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O's, Ripken $7.85M apart on proposals Guaranteed 3rd year of contract appears to be sticking point; Veteran seeks $21.25M; Anderson optimistic about staying with club


Cal Ripken and the Orioles are nearly $8 million apart in their respective contract proposals, sources familiar with the organization said yesterday.

Ripken, 36, will earn $6.2 million in this, the final season of his current contract, after which he would be eligible for free agency.

According to sources, the Orioles have offered Ripken a two-year extension for 1998 and 1999 at $6.2 million per season, with a club option for the year 2000 also at $6.2 million. Under the Orioles' proposal, Ripken would receive $1 million in a buyout if the club didn't exercise the third-year option.

Ripken's agent, Ron Shapiro, gave a counteroffer to the Orioles on Wednesday: $7 million for 1998, $6.75 million for 1999, and $6.5 million for 2000. In addition, Ripken would receive a $1 million signing bonus.

Under the Orioles' offer, Ripken would be guaranteed at least $13.4 million. Under the counterproposal made on his behalf, Ripken would be guaranteed $21.25 million, a difference of $7.85 million. The two sides are reasonably close in their annual salary proposals, but the main sticking point is whether the third year of the extension is guaranteed.

Orioles general manager Pat Gillick and Ripken have said that if the two sides cannot reach an agreement by April 1, Opening Day, negotiations will be ended until after the season. The last time Ripken's contract was negotiated during the season, 1992, Ripken had the worst season of his career, hitting .251 with 14 homers and 72 RBIs.

Outfielder Brady Anderson also can become a free agent after this season, but he has had no recent talks with the club about a contract extension. Last fall, the Orioles offered Anderson a two-year deal, $4 million in '98 and $4 million in '99; Anderson rejected that proposal.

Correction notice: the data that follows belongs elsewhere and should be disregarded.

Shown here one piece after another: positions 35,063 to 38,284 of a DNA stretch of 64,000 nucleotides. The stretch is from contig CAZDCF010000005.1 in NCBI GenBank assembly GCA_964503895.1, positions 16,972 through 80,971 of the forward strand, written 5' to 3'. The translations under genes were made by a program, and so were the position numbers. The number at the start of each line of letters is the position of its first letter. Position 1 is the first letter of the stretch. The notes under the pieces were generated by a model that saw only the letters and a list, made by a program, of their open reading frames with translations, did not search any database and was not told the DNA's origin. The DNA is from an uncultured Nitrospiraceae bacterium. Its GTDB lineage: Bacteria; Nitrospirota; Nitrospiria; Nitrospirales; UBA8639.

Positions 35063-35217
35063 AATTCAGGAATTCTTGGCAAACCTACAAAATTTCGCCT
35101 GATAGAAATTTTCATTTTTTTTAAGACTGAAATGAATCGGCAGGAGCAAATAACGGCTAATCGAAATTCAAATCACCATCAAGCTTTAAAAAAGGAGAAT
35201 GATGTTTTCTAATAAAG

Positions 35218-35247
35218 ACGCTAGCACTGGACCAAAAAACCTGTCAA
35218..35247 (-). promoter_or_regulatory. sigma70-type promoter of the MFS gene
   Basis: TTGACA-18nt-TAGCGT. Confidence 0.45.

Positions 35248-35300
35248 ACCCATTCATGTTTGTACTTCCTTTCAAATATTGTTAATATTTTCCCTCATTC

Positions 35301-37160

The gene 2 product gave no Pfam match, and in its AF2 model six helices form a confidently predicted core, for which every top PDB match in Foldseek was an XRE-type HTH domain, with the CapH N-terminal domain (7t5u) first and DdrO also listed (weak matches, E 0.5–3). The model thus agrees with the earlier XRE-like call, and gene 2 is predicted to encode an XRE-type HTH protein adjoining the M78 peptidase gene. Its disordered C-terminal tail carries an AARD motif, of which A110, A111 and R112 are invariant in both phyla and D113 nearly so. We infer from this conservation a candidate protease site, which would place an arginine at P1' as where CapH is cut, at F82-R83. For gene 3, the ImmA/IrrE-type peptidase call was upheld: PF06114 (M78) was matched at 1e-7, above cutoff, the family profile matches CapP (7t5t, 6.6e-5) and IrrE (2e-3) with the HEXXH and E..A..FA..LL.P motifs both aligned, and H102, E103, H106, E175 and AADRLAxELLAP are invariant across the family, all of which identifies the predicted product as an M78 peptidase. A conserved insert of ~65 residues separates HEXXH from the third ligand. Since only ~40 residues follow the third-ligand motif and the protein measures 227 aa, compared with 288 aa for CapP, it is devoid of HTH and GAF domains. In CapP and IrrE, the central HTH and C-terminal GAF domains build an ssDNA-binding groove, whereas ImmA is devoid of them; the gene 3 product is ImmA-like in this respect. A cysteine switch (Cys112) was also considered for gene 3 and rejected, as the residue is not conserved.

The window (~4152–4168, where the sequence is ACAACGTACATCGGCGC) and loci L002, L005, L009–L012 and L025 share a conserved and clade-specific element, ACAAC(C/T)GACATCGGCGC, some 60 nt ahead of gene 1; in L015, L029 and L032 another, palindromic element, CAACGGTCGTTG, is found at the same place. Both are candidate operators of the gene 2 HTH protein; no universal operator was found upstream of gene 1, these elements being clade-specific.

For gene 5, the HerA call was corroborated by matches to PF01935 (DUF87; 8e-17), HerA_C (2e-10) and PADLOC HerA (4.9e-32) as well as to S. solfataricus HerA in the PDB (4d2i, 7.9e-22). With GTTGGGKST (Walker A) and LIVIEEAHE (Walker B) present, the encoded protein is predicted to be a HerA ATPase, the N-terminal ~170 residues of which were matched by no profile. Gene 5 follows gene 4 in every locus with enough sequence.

But Anderson said yesterday that Gillick and assistant GM Kevin Malone have approached him this spring to say the team wants to keep him. Anderson probably won't sign an extension before Opening Day. Nonetheless, he's not worried about that.

"People always want to act like everything is so urgent," Anderson said. "The thing is, I'm signed through this year. Just because I could become a free agent doesn't mean I won't sign with the Orioles. Chances are probably great I'll stay in Baltimore.

"As of right now, chances are better of staying than going somewhere else. A lot of teams would be interested if I became a free agent, but I'd probably stay. I can't see leaving Baltimore.

"They can do something next off-season. They're telling you they want to keep you, you know you want to stay. What else could I say but the chances are great [of him re-signing]."

Besides, Anderson said jokingly, he doesn't want to give up his condominium. "I might play for free next year," he said, "just so I don't have to move out of my condo. It's no fun packing, man. Of course, I'll ask for a big bonus afterward."

Pitcher Mike Mussina, who reached an agreement on a one-year deal last week, said there have been no further discussions that he knows of since last week. Mussina will become a free agent after this season, unless he agrees to a multi-year contract.

Pub Date: 2/22/97

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